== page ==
UK government rejects call for new visas to ease post-Brexit truck driver shortage

US Rep. Ilhan Omar (D-MN) (L) talks with Speaker of the House Nancy Pelosi (D-CA) during a rally with fellow Democrats before voting on H.R. 1, or the People Act, on the East Steps of the US Capitol on March 08, 2019 in Washington, DC. (AFP photo)
A truck drives towards the entrance to the Port of Dover, following the end of the Brexit transition period, in Dover, Britain, January 15, 2021. (Reuters photo)

Britain's government has rejected calls from retail and logistics companies to temporarily ease post-Brexit immigration rules which they say are contributing to a shortage of truck drivers and acute supply chain disruption.

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Trade body Logistics UK said Britain currently had a shortage of 90,000 truck drivers, and on Aug. 22 it and the British Retail Consortium asked the government to grant temporary visas to truck drivers from the European Union.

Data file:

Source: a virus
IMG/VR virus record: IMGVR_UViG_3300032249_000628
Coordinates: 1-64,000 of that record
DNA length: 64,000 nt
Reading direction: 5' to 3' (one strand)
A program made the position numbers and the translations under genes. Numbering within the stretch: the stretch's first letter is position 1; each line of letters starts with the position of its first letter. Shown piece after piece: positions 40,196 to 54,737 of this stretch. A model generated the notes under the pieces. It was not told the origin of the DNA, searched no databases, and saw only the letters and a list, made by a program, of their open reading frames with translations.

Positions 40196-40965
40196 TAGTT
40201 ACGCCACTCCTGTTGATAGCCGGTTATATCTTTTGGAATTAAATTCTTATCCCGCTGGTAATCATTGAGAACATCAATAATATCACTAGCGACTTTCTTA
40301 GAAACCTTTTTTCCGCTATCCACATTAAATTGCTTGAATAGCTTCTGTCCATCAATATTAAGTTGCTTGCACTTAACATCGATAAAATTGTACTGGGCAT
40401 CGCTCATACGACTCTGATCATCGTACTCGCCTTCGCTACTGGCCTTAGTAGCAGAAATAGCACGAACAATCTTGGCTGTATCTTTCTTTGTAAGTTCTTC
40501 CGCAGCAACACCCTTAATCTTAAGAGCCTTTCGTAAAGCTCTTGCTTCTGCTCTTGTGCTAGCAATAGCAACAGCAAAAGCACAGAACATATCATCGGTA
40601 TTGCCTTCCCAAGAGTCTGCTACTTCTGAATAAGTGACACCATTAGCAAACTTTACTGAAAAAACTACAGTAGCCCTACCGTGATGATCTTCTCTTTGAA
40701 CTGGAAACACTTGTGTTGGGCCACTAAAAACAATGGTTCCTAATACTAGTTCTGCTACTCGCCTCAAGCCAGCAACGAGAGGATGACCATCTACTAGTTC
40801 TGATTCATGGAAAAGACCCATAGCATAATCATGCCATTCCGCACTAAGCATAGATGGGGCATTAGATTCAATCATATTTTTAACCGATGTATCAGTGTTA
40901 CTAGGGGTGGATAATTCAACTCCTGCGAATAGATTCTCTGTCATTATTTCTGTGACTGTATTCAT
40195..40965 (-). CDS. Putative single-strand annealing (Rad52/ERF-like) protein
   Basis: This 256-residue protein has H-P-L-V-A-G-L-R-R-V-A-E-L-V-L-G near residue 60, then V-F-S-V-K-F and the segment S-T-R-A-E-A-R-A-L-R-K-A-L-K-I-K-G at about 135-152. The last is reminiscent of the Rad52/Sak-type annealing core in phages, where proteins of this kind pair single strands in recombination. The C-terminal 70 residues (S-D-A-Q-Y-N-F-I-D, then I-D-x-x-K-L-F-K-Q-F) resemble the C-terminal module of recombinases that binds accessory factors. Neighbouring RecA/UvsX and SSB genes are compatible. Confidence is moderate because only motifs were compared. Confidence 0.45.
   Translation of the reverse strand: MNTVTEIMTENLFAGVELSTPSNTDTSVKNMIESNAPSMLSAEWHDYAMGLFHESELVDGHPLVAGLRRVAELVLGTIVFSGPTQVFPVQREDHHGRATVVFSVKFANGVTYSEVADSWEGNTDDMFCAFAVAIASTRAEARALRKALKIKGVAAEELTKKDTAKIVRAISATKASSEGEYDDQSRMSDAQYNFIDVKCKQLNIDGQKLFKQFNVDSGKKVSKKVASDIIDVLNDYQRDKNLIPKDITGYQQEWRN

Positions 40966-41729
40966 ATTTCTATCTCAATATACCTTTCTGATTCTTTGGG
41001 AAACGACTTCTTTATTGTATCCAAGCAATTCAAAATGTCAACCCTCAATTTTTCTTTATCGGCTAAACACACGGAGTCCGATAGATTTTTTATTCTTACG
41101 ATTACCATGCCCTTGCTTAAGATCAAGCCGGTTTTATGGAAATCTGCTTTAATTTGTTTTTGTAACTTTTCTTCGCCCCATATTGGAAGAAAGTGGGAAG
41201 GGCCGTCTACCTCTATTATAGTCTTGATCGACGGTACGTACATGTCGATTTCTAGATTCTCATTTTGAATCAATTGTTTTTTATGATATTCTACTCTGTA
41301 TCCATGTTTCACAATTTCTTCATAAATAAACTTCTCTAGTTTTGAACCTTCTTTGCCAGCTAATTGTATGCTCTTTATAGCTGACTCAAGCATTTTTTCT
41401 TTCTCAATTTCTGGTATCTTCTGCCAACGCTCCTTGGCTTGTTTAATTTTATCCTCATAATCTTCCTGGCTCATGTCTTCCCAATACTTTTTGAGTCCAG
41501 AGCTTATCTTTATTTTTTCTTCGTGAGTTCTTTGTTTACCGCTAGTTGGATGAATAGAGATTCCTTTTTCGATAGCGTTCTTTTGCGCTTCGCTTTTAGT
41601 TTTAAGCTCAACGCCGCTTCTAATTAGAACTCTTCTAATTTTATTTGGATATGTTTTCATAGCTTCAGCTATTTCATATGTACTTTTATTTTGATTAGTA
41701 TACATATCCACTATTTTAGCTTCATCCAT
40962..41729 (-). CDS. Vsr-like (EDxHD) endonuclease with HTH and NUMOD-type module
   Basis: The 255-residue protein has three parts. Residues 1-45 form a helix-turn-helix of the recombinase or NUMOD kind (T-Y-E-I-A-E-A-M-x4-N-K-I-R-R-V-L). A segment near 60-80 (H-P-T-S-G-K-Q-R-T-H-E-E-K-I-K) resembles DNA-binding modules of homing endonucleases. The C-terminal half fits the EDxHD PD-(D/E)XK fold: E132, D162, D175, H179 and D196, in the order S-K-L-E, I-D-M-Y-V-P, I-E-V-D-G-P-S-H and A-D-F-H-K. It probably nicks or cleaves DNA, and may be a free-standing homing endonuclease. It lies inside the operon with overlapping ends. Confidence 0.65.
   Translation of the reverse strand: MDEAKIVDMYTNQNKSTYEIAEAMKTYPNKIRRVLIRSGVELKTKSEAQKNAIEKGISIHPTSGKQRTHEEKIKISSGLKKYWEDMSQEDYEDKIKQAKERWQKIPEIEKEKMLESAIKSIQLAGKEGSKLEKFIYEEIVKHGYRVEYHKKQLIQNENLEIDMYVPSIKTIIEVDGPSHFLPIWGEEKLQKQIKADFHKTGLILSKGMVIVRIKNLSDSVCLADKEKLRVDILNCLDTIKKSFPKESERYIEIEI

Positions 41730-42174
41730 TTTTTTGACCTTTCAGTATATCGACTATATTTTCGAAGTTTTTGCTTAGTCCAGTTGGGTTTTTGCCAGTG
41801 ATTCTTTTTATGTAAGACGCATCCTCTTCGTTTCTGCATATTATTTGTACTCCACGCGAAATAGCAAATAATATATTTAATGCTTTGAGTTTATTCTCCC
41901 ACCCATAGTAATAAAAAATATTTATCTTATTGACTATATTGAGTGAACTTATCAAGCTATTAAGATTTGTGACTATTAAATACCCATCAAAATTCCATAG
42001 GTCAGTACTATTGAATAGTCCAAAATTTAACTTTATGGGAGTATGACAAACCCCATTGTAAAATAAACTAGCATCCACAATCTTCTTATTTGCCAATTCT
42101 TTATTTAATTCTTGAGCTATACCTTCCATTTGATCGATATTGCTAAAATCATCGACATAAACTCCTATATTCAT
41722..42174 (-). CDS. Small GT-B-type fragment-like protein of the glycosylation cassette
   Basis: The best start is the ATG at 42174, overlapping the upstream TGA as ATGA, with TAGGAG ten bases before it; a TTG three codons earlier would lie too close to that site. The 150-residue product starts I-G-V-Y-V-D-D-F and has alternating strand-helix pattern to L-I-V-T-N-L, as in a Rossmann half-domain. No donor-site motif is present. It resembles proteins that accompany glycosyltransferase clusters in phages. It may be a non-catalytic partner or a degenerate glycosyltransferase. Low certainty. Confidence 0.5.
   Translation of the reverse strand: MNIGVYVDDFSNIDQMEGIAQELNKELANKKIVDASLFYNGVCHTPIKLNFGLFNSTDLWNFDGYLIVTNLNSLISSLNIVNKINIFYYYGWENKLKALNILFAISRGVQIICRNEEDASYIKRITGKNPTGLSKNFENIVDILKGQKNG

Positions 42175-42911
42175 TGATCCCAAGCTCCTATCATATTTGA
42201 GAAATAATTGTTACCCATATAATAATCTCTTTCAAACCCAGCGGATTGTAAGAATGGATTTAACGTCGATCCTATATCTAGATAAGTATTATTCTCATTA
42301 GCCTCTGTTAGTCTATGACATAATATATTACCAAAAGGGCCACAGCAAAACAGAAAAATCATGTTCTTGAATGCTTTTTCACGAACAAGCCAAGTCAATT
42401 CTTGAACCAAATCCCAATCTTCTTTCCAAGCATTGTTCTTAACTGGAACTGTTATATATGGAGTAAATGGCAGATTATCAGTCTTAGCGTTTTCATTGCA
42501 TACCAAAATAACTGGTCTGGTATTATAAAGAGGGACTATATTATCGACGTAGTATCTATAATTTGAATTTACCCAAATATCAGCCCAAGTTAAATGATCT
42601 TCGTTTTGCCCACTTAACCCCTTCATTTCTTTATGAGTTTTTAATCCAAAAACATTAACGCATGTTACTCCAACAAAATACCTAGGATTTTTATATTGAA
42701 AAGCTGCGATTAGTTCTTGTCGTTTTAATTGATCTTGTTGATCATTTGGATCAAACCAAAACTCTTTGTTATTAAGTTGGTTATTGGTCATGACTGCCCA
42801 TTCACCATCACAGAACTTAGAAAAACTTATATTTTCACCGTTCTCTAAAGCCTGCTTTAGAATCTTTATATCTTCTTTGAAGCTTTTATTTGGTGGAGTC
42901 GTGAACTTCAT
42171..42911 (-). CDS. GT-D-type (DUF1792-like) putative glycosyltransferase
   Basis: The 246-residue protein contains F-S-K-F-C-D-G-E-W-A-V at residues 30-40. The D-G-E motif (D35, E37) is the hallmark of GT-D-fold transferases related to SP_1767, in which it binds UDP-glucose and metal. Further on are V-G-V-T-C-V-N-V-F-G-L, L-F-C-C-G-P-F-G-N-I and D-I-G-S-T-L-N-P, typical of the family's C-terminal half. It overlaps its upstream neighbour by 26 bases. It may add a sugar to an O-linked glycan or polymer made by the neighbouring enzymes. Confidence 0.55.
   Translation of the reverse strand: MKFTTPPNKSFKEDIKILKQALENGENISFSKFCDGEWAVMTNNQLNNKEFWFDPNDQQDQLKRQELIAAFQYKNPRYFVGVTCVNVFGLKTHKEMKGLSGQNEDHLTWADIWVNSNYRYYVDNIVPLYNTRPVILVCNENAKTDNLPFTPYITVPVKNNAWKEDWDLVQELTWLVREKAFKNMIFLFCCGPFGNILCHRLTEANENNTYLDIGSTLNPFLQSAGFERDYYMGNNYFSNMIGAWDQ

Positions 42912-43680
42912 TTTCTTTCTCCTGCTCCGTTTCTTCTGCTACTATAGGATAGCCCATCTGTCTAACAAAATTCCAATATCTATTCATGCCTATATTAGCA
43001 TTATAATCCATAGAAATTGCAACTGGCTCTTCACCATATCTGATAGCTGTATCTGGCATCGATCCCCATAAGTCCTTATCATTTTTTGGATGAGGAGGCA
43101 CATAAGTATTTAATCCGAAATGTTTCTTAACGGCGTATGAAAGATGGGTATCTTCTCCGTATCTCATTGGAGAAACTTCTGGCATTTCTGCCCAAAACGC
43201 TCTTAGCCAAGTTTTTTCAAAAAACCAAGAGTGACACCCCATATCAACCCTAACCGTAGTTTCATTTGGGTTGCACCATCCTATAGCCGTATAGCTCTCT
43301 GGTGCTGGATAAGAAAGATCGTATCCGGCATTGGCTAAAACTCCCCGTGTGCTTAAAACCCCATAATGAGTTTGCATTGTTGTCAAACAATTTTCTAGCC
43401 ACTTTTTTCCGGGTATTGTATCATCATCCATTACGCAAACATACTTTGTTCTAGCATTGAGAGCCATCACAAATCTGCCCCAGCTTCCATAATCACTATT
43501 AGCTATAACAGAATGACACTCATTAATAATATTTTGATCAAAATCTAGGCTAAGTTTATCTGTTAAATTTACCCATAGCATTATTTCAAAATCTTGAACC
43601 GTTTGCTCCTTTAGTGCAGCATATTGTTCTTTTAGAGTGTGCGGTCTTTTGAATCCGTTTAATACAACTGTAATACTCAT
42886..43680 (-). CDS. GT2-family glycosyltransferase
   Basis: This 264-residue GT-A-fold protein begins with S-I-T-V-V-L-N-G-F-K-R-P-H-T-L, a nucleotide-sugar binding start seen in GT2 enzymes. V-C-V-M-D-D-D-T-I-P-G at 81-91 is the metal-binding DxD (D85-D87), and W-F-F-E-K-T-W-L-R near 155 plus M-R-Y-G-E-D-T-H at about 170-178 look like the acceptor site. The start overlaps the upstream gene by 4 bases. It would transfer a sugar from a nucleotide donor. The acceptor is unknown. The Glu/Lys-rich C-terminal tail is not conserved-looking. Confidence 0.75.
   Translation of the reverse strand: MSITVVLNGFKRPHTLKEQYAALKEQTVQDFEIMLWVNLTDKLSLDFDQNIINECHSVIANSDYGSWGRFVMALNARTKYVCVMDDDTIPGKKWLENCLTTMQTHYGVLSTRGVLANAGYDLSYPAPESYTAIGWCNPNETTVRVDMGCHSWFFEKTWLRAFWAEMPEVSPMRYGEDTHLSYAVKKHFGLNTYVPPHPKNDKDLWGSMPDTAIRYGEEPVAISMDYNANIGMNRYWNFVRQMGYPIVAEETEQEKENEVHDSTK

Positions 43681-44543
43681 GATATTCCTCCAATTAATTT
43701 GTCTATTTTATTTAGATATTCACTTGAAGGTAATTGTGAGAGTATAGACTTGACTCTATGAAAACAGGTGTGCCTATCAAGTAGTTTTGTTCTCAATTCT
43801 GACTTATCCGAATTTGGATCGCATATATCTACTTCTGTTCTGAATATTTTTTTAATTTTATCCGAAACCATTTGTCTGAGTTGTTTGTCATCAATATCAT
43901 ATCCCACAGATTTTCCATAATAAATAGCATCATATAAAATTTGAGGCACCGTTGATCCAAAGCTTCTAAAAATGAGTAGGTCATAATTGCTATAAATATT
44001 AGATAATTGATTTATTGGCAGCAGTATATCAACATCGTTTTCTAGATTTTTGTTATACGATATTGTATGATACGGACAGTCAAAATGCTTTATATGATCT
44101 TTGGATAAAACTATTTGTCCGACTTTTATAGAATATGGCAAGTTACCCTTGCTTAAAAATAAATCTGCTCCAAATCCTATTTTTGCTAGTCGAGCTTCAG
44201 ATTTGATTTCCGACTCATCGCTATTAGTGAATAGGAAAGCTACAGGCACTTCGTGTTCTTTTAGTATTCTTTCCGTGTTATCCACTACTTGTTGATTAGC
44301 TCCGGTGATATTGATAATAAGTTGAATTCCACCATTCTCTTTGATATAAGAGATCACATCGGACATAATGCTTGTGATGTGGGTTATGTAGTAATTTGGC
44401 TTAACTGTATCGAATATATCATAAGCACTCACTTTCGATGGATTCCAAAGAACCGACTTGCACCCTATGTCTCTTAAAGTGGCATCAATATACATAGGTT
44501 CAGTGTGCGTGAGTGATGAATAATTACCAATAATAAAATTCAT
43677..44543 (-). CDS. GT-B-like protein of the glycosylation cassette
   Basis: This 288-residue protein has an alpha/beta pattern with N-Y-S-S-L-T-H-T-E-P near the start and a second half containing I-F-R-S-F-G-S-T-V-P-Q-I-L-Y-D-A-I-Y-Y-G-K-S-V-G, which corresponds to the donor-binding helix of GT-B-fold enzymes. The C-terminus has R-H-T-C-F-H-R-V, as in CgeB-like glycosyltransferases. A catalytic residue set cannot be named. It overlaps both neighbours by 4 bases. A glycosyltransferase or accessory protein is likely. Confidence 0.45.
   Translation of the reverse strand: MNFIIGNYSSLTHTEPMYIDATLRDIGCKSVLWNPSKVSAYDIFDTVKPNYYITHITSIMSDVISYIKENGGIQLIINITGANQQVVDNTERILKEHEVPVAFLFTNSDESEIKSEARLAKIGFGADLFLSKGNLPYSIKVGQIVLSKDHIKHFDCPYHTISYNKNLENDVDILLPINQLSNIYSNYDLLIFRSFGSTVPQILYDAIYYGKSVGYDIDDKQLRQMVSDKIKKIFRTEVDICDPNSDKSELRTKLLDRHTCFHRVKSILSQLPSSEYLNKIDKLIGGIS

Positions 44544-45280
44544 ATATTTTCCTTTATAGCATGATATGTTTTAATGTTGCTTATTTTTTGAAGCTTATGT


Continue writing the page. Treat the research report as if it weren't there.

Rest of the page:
Since Jan. 1, most EU citizens planning to work in Britain need visas which are typically only available for higher-paid jobs than those in the logistics and hospitality sectors.

Britain's business ministry said on Saturday it did not expect these visa rules to change.

"We want to see employers make long-term investments in the UK domestic workforce instead of relying on labour from abroad," a government spokesperson said.

The Times newspaper had reported earlier on Saturday that the government was considering bringing forward a review of visa rules to tackle the shortage.

Alex Veitch, general manager for public policy at Logistics UK, said he was disappointed by the government's decision as it could take until early next year to work through a backlog of driving tests that had built up during the COVID-19 pandemic.

"The industry needs drivers now," he said. "Logistics UK is frustrated with the government's decision to reject the logistics industry's call for temporary visas to be made available for EU heavy goods vehicle drivers as a short-term solution while new domestic drivers are recruited, trained and tested."

(Source: Reuters)


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